Not really; there's only a certain amount of time a human can sit around having orgies, going to gladiator fights, sleeping, drinking, watching TV. and so forth, before terminal boredom sets in.

And then what?

Frankly, given that history repeats itself, I expect to see an intellectual renaissance.


Look across history. Every period where there's been a new leisure class created has resulted in a great boom in the provision of things for them to do with their time. The very term Renaissance, of course, comes from the most famous of these periods. We can, I think, expect to see people engaging in all those activities we subsume under the mantle of culture, and doing them precisely because they feel it would be amusing. The world will be buried under a great sea of masterpieces! [foam gibber]

And what exactly do you mean by culture?

Hakim Bey has an elegant contrast that sets it forth rather neatly:

What we like about Palaeolithic life:

in short, culture.

What we dislike about civilisation can be deduced from the following progression:

  1. the "Agricultural Revolution"

  2. the emergence of caste

  3. the City and its cult of hieratic control

  4. slavery

  5. dogma

  6. imperialism

  7. [?]

I mean, Bey is generally regarded as a little out on the edge of the playing-field, but I think he hits the mark rather well...

Bit of an odd mark?

True. However, is it not a valid one?

Well, I don't know...

I think it is. After all, we are looking towards a transformation of our approach to what we do, and how we go about doing it. Our very approach to life will change!

How exactly?

Things that previously were large and important factors in our lives will suddenly become minor things drifting on the sidelines, taken care of for us on a day-to-day basis. True, we'll have the option of doing them if we want; if you feel like cooking an interesting meal, or rearranging your tape collection, you can do it; but the maintenance; ah, the maintenance can be left to the robot.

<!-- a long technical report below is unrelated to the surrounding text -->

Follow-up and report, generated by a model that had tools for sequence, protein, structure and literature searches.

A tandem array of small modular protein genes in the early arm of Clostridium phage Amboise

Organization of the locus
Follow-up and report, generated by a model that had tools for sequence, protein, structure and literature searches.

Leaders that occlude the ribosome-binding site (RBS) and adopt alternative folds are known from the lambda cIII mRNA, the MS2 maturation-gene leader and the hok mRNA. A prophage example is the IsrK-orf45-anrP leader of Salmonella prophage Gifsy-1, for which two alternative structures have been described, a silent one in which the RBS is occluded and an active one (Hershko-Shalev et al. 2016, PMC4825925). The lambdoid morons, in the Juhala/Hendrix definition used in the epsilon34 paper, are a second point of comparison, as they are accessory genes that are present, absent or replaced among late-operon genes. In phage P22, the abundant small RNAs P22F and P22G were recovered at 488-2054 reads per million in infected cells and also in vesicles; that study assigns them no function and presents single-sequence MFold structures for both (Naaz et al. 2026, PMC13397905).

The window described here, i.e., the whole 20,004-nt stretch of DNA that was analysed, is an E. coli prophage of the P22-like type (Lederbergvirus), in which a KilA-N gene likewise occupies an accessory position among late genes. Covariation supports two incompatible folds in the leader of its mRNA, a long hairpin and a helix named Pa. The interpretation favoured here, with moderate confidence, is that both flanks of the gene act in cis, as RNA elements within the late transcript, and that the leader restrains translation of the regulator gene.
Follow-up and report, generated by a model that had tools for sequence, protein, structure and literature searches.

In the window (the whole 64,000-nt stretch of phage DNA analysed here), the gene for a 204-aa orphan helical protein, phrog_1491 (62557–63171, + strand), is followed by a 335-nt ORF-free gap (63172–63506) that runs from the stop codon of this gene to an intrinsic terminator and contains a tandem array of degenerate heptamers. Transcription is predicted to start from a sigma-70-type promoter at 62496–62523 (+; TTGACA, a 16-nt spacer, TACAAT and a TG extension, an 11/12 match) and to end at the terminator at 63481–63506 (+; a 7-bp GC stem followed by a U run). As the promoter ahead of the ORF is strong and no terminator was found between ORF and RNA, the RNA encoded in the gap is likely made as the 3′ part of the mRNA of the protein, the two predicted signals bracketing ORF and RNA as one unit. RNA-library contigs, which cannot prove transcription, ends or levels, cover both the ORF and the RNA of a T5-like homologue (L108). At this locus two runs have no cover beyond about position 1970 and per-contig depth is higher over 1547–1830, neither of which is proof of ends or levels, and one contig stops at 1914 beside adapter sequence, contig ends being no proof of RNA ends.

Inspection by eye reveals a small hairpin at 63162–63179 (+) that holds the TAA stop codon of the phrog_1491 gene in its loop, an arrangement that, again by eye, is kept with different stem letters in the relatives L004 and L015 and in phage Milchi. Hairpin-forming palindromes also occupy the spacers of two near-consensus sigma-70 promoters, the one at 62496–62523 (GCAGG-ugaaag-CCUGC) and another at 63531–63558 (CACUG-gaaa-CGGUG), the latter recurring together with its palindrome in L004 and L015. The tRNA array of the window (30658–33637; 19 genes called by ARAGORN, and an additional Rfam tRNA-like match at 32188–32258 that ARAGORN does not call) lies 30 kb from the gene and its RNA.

That's an interesting idea, using the robot to maintain a certain standard of living for you.

That's an interesting way of looking at it, too. In fact, the general functioning of the robot is to act as a homeostatic device on your reality. It attempts to maintain a significant level of negentropy, so you can go on worrying about the BigBigPicture without constantly remembering to deal with the trivia. I see this as quite a cheering prospect.

Yeah, the idea of having everything as you like it all the time is a pretty tempting one. Mind you, I've heard it said that these sorting-out activities are good for you, that it's important for your mental balance to spend time engaging in mundane trivia. What do you think on that?

I'll be interested to see if it's correct, basically. I think I could cope quite happily without doing these things. But this is the exciting aspect of the whole thing: we are not only engaging in an activity that could well make for significant changes in the way we conduct our lives, but also we are, for once, going in with our eyes wide open.

Didn't Edward Teller say something like that?

Well, yes, probably. On the other hand, science fiction has been discussing the nature of robotics and robots for years, and a lot of profound thinking has been done there, in a wide variety of fields. Many of the initial problems have been overcome: look at the Asimov Laws. The thinking that remains to be done is even more interesting than what has been done so far.

More interesting?

Yeah. How do you structure a society in which most of the menial labour is done by robots? Suddenly, the notion of 'full employment' becomes a little silly: the work that currently keeps most of our labour force in work is, clearly, entirely amenable to being classified as menial labour, and so disappears.

But... that's... silly... isn't it?

Oh no. Consider: no longer do we need to think in terms of 'we must find work for everyone'; instead, we get to think as 'we must find entertainment for everyone', which is far far more amusing.

Mass partying all the time?

Well, I suspect that all the time would be overkill. There will be things left to do, though.


Art. Science. The traditional pursuits of the 'gentleman of leisure' become available to all of us: we can simultaneously dabble in ten fields, with no-one to say 'where's a piece of productive work'.

Is there enough of that to go around?

It's true that, once you've eliminated the menial labour, the remaining work, the interesting work, is today being done by a surprisingly small segment of the population: under the current system, this work could not be extended to the whole population.

So, how do you propose to keep everyone busy?

Any attempt to retain full employment either has to follow the Luddite approach of saying 'but humans should do this, not robots, because it's good for them' or some such, or taking the more interesting and exciting approach of saying 'well, okay, we're going to change the way we do everything. Sure. Then let's think about it beforehand, and come up with an interesting method of changing it, to produce a system that we'll be happy with afterwards.'

You've managed to avoid the question.

Yep. I haven't explained how to keep everyone busy, because I don't know. If I could think of ways to keep everyone busy, I'd be Employment Minister. As it is, I'm open to suggestions.